There are constructive ways for countries to participate in the innovation-based global economy; and there are destructive ways. The constructive path focuses on promoting innovation, embracing robust, market-based trade, and building on national strengths. The destructive path fields “innovation mercantilist” policies that distort global trade and markets, while limiting global innovation. The Global Trade and Innovation Policy Alliance (GTIPA) exists to promote the virtues of the first path and to help promote policies around the world that maximize innovation-based growth.
The Information Technology and Innovation Foundation (ITIF)—the world’s top-ranked science and technology policy think tank—leads a global network of think tanks from every corner of the world that are like-minded in their support for a, because we believe a chorus of many voices can be more effective than any one by itself in advocating for greater levels of global innovation, trade, integration, and development. GTIPA members use a new channel of communication to disseminate their publications and collaborate on events, research, and policy analysis in areas such as “innovation policy,” “trade and innovation”, “trade and IP,” “trade and development,” and “digital trade.” The GTIPA highlights and cross-pollinates partner organizations’ research and publications.
GTIPA Shared Statement of Principles
Over the last 20 years, the global economy has become even more tightly integrated, bringing nations closer together, expanding cross-border trade, and creating new opportunities to boost growth and development, particularly by increasing innovation and productivity. However, greater integration has also spurred greater economic competition between nations. This, in turn, has led a growing number of countries to try to win that competition, not just by enacting robust innovation-based economic development policies, but also by implementing mercantilist policies that either compel foreign companies to operate locally or to otherwise favor domestic firms at the expense of foreign ones. A key reason why nations increasingly embrace this “innovation mercantilism” is that they see expanding high-tech exports and reducing imports as a key to growth. They haven’t yet placed a policy of increasing productivity and innovation in all industries at the center of economic policymaking—as they must if they are to succeed in the long run. Globalization can generate lasting, worldwide prosperity, but only if all countries share a commitment to playing by the rules and fostering across-the-board, innovation-based growth strategies. Successfully addressing this is the great economic challenge of our times.
As such, we, the members of the Global Trade and Innovation Policy Alliance, encourage policymakers to embrace the following ten principles:
Principle 1: Innovate, innovate, innovate. It’s time for a new approach to globalization and trade, one that is fundamentally grounded in the perspective that innovation—the creation of new or improvement of existing production processes, products, services, and business models—fundamentally drives economic expansion and sustainable development; that markets should drive trade; and that nations should respond to international economic competition by ratcheting up their game and putting in place policies designed to spur innovation and productivity across all industries and enterprises.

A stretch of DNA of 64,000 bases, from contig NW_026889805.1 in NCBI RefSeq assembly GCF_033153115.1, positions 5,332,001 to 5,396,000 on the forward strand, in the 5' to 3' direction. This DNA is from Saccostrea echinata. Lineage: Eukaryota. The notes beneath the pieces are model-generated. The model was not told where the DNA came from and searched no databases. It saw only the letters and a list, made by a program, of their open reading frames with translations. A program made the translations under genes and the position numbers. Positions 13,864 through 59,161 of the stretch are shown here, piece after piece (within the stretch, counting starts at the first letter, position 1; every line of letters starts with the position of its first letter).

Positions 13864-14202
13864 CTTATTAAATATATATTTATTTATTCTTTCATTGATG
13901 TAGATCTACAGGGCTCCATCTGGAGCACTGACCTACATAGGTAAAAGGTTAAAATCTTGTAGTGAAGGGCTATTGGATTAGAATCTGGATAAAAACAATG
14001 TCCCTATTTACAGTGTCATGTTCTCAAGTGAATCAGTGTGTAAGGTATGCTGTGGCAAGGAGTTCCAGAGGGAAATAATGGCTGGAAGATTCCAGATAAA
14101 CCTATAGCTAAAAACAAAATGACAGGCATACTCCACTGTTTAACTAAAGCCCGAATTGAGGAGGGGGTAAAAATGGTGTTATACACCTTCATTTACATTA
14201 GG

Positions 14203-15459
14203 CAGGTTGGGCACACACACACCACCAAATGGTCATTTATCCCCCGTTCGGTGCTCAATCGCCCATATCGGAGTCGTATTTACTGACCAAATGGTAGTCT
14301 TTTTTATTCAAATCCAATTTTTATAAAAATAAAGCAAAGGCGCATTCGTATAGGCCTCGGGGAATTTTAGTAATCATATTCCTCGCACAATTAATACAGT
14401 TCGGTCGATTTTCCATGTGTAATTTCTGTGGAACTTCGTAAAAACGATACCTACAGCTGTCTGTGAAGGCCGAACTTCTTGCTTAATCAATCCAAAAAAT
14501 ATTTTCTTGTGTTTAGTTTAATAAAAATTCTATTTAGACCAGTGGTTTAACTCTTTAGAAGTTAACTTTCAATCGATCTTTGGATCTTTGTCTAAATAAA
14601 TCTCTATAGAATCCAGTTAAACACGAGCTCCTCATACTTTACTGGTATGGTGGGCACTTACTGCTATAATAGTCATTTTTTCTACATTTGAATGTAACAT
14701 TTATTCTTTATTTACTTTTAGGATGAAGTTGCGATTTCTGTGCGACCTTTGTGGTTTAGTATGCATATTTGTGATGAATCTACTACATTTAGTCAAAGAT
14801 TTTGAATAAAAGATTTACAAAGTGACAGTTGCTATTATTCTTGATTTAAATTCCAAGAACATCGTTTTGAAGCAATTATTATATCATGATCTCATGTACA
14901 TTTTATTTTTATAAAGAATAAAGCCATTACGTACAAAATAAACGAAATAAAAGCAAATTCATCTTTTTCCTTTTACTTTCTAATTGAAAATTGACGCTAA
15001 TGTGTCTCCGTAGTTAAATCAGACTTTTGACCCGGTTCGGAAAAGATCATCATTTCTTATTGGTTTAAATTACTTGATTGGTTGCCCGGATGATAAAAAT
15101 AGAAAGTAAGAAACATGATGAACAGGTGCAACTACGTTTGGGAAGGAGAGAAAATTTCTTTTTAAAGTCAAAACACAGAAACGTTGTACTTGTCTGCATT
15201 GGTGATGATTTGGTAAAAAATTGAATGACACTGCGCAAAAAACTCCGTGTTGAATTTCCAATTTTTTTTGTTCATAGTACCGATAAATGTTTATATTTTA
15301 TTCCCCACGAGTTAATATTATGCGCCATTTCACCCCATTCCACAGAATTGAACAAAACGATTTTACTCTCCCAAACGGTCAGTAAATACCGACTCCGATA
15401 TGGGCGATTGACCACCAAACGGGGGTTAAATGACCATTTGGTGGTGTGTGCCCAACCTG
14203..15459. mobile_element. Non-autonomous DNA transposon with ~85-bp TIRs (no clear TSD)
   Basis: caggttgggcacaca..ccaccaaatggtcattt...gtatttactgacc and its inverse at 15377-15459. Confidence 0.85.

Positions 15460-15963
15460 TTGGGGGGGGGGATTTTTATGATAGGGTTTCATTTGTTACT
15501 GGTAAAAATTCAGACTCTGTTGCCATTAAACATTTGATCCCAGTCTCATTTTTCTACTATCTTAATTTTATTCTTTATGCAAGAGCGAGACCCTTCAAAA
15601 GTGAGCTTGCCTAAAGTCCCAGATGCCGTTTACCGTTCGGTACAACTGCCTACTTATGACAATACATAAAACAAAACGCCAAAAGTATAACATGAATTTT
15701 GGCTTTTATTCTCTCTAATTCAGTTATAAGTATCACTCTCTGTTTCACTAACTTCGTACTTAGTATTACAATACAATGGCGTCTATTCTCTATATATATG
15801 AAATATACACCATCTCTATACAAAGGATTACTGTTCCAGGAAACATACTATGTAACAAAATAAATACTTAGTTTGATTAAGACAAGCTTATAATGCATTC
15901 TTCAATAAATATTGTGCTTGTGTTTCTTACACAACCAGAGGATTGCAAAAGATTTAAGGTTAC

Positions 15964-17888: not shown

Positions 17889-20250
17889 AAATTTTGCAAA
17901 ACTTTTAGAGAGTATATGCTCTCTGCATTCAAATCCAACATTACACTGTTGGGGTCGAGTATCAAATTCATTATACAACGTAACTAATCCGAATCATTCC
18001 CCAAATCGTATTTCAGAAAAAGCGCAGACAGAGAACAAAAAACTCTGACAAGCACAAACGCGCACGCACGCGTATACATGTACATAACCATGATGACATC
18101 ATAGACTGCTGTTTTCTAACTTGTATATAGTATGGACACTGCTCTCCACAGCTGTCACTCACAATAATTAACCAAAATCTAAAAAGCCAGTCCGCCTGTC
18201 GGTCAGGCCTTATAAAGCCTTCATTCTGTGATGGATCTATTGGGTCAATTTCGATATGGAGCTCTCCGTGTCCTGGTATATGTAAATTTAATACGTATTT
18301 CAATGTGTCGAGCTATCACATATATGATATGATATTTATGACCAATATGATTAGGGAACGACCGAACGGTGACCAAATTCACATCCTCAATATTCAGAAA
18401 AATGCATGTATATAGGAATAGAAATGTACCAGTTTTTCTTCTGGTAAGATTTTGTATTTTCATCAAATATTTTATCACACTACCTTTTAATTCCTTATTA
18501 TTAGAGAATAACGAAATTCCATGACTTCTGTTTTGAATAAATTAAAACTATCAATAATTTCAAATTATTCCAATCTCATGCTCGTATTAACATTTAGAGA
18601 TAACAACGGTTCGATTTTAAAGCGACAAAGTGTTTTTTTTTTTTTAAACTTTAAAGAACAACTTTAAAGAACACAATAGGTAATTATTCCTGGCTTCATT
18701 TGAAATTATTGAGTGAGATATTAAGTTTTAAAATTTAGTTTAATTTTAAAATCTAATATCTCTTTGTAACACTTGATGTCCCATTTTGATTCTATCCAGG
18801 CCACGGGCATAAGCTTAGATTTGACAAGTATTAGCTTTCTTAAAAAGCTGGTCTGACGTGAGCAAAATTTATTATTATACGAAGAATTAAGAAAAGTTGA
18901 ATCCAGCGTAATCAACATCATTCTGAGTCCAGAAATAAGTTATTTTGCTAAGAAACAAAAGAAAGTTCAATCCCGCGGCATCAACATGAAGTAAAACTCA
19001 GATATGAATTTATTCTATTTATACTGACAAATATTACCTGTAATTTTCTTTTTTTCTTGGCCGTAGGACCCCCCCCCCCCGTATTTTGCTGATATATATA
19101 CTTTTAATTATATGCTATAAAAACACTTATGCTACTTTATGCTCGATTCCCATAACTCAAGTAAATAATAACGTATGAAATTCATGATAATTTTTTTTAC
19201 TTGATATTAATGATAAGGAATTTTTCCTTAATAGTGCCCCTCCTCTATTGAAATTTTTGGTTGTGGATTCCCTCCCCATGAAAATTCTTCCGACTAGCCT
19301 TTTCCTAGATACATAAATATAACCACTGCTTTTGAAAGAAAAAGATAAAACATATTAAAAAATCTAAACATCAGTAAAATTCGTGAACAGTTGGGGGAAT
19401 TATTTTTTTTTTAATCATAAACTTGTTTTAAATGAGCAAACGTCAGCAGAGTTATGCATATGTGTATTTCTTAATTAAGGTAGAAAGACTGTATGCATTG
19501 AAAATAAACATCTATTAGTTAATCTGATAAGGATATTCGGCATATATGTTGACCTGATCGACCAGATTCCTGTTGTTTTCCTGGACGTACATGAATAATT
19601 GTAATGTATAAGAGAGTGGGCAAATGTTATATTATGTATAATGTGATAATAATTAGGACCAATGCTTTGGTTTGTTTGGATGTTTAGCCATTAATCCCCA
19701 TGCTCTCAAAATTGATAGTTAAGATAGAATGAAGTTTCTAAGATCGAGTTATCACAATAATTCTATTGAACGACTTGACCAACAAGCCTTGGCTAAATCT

Principle 2: Expand trade and investment. Expanded trade and cross-border investment are key drivers of increased global innovation, which in turn play a central role in solving the pressing challenges of our day: increasing living standards, improving health, and protecting the environment. Expanding market-driven trade in goods, services, and data fosters innovation by exposing domestic firms to new knowledge and new competitors that entice them to respond by innovating faster. Expanding market-driven trade also gives companies access to larger markets to capture greater gains from their innovative activities, thereby supporting a virtuous cycle of further innovation.
Principle 3: Leverage core strengths. Market-based trade benefits all countries by allowing each to specialize in the products or services in which they have comparative or competitive advantages. Yet this does not mean a slavish devotion to outmoded, 18th-century theories based on trade in “wine” and “cloth.” Nations can and should seek to boost comparative advantage—but by helping their enterprises boost productivity and innovation capacity, not by distorting trade. This does not mean countries should seek to specialize in every technology and industry; rather, they should specialize in markets where they can produce superior products and services, and then trade for the rest.
Principle 4: Eliminate protectionist barriers. Trade and investment decisions should be made on the basis of voluntary, competitively determined business considerations. Government policies designed to limit imports and investment, force foreign investment as a condition of market access, or discriminate against foreign firms distort global markets and are detrimental to global prosperity. In many cases, they are also detrimental to the prosperity of the nations that engage in them, in part because they either raise the prices or lower the quality of key capital goods inputs, including information and communications technologies (ICTs).